We believe that § 206h of the Pennsylvania Labor Anti-Injunction Act was intended to have the same purpose as § 6 of the Norris-LaGuardia Act. Accordingly, since evidence was that rather than "actually participating, giving prior authorization, or ratifying" the work stoppages, the appellants attempted to prevent them, the appellants could not be held responsible for their occurrences.
Appeals Nos. 175, 176, 177, and 178.
After the conclusion of the hearing on October 25, 1971, the Port of Philadelphia settled down to its usual work routine until November 4, 1971. On that date,
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various seafaring unions*fn4 which worked out of New York and had not been involved in the previous disputes, began a nationwide campaign of publicizing, through picketing and leaflets, the loss of jobs by American seamen to foreign-flagships allegedly employing nationals from other countries at sub-standard wages, hours and working conditions. Employees of the Philadelphia local unions refused to cross the picket lines set up by the outside "seafarers" unions.
On November 8, 1971, a second civil contempt hearing was held with respect to the "seafarers" unions. These unions were held in civil contempt but no fines were imposed on the assurances of the seafarers that the picket lines would be withdrawn. The seafarers appealed at Nos. 177 and 175. The seafaring unions' picket line was immediately withdrawn, but on the following day, November 9, 1971, other picket lines were set up at three major Philadelphia piers by a New York Clerk and Checkers Local of the ILA.
Members of the Philadelphia Longshoremen's Locals refused to cross the picket lines and those members who had already begun working left their jobs. The Association immediately petitioned the court for a rule to show cause why the longshoremen should not be held in contempt for these "work stoppages". The petition and the rule to show cause were served upon officers of the local unions and another hearing was held on the evening of November 9, 1971. At the conclusion of this hearing, the chancellor found as a fact that the officers of the locals were taken by surprise with regard to these pickets and that they had made a good faith effort to correct the situation. Accordingly, he did not hold their officers in contempt and did not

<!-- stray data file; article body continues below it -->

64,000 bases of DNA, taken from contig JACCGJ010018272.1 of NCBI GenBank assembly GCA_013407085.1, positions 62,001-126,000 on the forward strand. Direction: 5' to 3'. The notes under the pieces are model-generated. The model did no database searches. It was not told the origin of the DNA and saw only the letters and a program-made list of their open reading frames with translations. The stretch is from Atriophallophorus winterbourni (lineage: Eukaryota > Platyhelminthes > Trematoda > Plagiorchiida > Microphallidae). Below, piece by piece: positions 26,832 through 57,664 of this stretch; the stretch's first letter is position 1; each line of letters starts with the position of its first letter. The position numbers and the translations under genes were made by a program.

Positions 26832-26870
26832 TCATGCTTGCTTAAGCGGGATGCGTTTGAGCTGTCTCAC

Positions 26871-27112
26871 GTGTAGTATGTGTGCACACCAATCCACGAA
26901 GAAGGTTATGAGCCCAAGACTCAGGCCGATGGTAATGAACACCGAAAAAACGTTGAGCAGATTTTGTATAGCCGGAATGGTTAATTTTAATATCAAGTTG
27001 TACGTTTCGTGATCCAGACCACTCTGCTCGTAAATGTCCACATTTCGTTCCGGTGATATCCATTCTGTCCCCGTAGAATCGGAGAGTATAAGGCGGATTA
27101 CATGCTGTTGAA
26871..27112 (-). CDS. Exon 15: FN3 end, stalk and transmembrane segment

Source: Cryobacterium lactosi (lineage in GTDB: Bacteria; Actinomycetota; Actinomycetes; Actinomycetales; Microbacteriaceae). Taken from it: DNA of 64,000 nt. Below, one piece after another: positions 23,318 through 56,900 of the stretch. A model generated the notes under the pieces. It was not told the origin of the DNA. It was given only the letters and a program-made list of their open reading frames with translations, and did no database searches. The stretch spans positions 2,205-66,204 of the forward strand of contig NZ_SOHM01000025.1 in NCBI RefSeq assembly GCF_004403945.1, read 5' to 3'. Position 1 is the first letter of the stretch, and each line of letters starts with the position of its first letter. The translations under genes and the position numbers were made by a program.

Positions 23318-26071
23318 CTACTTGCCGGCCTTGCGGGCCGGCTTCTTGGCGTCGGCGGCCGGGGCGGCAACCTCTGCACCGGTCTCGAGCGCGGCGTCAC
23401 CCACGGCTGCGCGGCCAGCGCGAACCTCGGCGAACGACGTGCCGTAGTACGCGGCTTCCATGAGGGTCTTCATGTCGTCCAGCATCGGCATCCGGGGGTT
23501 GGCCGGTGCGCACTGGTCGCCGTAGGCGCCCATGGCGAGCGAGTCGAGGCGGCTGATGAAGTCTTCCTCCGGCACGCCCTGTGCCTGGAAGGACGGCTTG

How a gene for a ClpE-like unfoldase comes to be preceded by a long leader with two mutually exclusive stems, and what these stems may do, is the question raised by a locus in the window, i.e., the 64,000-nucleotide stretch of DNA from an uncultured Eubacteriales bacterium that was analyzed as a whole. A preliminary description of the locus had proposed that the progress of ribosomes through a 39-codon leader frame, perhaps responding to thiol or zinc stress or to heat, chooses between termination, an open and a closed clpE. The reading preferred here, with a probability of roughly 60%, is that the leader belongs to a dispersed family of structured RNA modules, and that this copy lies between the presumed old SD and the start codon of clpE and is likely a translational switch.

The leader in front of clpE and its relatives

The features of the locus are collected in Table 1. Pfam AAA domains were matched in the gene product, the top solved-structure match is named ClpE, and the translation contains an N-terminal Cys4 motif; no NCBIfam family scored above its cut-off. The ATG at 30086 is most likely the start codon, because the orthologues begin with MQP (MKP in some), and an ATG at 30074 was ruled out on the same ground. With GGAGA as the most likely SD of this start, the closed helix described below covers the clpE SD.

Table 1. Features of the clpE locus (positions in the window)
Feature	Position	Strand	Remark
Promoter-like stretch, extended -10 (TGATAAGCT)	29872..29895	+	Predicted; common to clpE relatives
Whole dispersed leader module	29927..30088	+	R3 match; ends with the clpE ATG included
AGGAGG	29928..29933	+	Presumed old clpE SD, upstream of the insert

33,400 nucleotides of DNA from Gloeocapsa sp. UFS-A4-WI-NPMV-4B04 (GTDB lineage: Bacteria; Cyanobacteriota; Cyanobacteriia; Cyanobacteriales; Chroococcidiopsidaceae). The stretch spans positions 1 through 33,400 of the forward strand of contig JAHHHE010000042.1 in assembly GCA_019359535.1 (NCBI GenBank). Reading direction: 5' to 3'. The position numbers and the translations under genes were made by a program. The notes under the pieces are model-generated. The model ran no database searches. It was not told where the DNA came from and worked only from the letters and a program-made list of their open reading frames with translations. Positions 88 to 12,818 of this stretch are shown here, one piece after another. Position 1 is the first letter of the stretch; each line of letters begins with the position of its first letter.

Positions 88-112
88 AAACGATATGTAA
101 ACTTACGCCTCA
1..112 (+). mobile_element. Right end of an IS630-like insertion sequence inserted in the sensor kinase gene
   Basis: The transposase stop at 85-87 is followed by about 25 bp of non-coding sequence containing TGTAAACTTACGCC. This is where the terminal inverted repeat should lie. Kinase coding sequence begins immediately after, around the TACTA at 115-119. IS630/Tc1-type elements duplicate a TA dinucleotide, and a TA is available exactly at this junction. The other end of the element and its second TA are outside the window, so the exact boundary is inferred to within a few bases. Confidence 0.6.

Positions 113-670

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invoke any of the fines he had imposed in his decree of October 25. However, he found that the members of the longshoremen locals, although they knew the meaning of his original decree and had been specifically advised that it required them to cross the picket lines, nevertheless refused to cross the picket lines. The chancellor then issued a decree providing for conditional fines on both appellants and their members, should they thereafter continue to refuse to cross picket lines. The local unions on behalf of their members appealed at No. 176.
On November 12, 1971, the Association moved for assessment of fines for civil contempt alleging that members of the International Longshoremen's Association Local No. 1271 had continued to engage in work stoppages of November 10 and November 11, in violation of the injunction. After a hearing the chancellor found that, in fact, there had been work stoppages in violation of his previous decree. Since his November 8 decree established a formula by which there would be an assessment of $5,000 for each pier not worked for a whole day, the court used that formula to determine the amounts of the fines even though there was no evidence that the same seafarers unions were doing the picketing on November 10 and November 11 that had been picketing previously. By the formula, the court reached a total figure of $70,000, which was assessed against the union. The union has appealed the fine at No. 178.
We will first discuss the appeals of the seafarers, No. 175 and No. 177.*fn5 In these appeals, the appellant
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unions argue that they cannot be held in contempt of the injunctive decree issued October 17, 1971, since they were not parties to that action and the court specifically found that they were not aiding, abetting or assisting the Longshoremen who were subject to that decree. They also contend that the court's findings unconstitutionally abridge their First Amendment rights and that the matter is within the exclusive jurisdiction of the National Labor Relations Act. Since we agree that the Pennsylvania Labor Anti-Injunction Act is a bar to the court's action, we need not consider the seafarers' other contentions.